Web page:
March 3, 2000
Colloquium Speaker: Michael I. Miller
Dr. Michael I. Miller became the Director of the Whiting School of Engineering, Center for Imaging Science in July 1998. Prior to that he was the Newton Professor of Biomedical and Electrical Engineering at Washington University in St. Louis. Dr. Miller received his Masters in Electrical and Computer Engineering in 1976 and his Ph.D. in Biomedical Engineering in 1983 from the Johns Hopkins University. He was the recipient of the National Science Foundation's Presidential Young Investigator Award in 1985 and the Paul Ehrlich Graduate Award in 1983. He is co-founder of two companies working in medical image analysis and image understanding. Dr. Miller is currently the Director of the National Center of Imaging Science, a consortium of seven universities working in the areas of automated target recognition and image understanding and is a scientific partner in the National Partnership for Computing Infrastructure (NPACI).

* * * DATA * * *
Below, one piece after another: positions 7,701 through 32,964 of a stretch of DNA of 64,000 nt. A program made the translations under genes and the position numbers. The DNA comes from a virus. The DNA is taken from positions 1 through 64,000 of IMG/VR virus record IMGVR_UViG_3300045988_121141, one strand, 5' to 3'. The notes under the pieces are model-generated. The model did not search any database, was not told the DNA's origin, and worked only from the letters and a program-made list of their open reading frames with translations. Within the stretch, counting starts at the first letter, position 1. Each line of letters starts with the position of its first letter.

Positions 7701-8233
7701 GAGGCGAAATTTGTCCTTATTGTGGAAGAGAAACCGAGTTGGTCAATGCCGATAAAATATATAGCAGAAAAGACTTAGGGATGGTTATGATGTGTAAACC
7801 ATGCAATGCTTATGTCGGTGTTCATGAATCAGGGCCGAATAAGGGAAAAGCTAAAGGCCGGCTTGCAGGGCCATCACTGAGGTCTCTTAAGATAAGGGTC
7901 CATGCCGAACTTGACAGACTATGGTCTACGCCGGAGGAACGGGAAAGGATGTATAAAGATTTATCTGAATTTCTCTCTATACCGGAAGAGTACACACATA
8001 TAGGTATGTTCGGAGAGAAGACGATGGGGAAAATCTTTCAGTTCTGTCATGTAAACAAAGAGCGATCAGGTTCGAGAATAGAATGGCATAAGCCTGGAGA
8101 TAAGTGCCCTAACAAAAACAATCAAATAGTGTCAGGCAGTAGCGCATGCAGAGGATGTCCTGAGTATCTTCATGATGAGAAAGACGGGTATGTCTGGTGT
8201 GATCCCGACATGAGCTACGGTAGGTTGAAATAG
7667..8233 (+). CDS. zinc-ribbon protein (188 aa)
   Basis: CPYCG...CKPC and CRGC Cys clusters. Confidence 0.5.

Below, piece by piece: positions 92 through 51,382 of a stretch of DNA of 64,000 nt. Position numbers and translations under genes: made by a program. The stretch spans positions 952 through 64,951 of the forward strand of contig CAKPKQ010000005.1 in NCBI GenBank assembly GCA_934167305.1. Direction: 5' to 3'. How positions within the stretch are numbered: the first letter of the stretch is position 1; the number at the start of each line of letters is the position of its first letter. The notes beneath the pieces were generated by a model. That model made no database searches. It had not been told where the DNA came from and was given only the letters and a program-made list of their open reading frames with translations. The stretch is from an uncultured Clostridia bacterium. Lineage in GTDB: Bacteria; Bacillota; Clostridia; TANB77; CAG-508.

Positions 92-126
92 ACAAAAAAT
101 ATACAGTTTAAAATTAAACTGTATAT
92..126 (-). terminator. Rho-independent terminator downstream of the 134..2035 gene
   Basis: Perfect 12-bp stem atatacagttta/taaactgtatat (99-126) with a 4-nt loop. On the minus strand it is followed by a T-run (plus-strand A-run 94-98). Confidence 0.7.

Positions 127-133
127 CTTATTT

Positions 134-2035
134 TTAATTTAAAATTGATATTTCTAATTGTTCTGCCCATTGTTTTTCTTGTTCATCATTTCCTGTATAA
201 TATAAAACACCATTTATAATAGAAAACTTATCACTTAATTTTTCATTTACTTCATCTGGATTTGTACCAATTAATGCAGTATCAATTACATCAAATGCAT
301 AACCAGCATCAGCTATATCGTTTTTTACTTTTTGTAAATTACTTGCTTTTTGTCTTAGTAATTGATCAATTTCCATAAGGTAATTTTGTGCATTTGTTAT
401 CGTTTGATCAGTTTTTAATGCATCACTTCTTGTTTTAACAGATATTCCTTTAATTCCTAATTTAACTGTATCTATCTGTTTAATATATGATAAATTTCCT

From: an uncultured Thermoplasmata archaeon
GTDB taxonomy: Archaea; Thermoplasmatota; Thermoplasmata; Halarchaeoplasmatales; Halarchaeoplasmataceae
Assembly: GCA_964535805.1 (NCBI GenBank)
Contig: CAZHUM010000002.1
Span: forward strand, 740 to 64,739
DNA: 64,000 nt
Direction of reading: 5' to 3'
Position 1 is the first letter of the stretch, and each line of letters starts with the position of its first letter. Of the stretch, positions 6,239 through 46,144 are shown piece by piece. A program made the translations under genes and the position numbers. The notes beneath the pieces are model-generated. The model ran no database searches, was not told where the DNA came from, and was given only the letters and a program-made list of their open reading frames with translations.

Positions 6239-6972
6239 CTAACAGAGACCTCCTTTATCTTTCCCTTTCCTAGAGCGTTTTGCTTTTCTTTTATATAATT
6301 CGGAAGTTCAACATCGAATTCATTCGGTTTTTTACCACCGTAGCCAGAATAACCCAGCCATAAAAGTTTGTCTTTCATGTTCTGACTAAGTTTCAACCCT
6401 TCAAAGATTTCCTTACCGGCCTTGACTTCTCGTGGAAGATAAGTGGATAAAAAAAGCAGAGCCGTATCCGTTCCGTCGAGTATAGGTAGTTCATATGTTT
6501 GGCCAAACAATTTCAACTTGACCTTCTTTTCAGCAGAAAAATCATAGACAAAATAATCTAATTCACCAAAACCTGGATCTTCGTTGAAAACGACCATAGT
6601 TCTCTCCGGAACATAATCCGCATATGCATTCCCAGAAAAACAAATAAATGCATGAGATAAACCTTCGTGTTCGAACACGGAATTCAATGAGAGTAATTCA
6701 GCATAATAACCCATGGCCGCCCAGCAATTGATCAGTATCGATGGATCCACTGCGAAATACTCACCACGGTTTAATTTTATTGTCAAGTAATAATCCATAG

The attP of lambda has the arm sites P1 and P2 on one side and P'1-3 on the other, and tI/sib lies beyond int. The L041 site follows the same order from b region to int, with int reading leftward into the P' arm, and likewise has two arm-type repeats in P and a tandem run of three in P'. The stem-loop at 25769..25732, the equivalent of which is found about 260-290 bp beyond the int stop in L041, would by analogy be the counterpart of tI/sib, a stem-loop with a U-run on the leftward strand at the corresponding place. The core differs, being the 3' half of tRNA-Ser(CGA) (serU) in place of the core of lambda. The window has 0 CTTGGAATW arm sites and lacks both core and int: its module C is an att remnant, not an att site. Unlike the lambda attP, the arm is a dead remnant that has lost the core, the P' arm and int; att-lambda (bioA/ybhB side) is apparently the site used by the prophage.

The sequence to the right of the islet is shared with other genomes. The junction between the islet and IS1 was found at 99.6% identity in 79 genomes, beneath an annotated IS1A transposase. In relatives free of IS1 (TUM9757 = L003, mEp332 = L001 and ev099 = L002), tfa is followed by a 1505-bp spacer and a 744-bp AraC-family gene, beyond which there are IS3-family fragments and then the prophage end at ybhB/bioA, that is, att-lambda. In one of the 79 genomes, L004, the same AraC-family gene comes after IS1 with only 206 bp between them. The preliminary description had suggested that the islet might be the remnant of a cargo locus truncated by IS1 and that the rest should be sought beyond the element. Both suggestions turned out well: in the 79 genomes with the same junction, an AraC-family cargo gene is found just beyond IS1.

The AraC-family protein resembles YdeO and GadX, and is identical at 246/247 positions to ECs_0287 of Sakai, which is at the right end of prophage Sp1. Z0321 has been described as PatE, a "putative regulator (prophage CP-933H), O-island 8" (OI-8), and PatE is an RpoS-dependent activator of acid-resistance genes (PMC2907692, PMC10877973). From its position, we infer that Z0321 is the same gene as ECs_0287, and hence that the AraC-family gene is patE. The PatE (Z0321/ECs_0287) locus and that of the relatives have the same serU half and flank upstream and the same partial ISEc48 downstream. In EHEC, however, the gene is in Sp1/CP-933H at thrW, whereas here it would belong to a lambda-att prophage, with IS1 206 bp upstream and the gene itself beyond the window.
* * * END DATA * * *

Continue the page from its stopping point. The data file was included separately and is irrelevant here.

We examine image understanding from a statistical communications point of view. The goal is to interpret returns from a remote sensor in order to determine information about the source being imaged. Images are modeled through the deformable template framework in which a set of transformations of a prototype is allowed. A prior probability distribution on the source is introduced. The channel corresponding to the remote sensor generates the observable images reflecting projection and noise, and a statistical model via the likelihood function describes the channel operation. Estimation of the source image from the channel returns provides a coherent analytical approach to object recognition and image understanding. Examples will be given associated with object recognition in computer vision and anatomical shape representation in computational anatomy.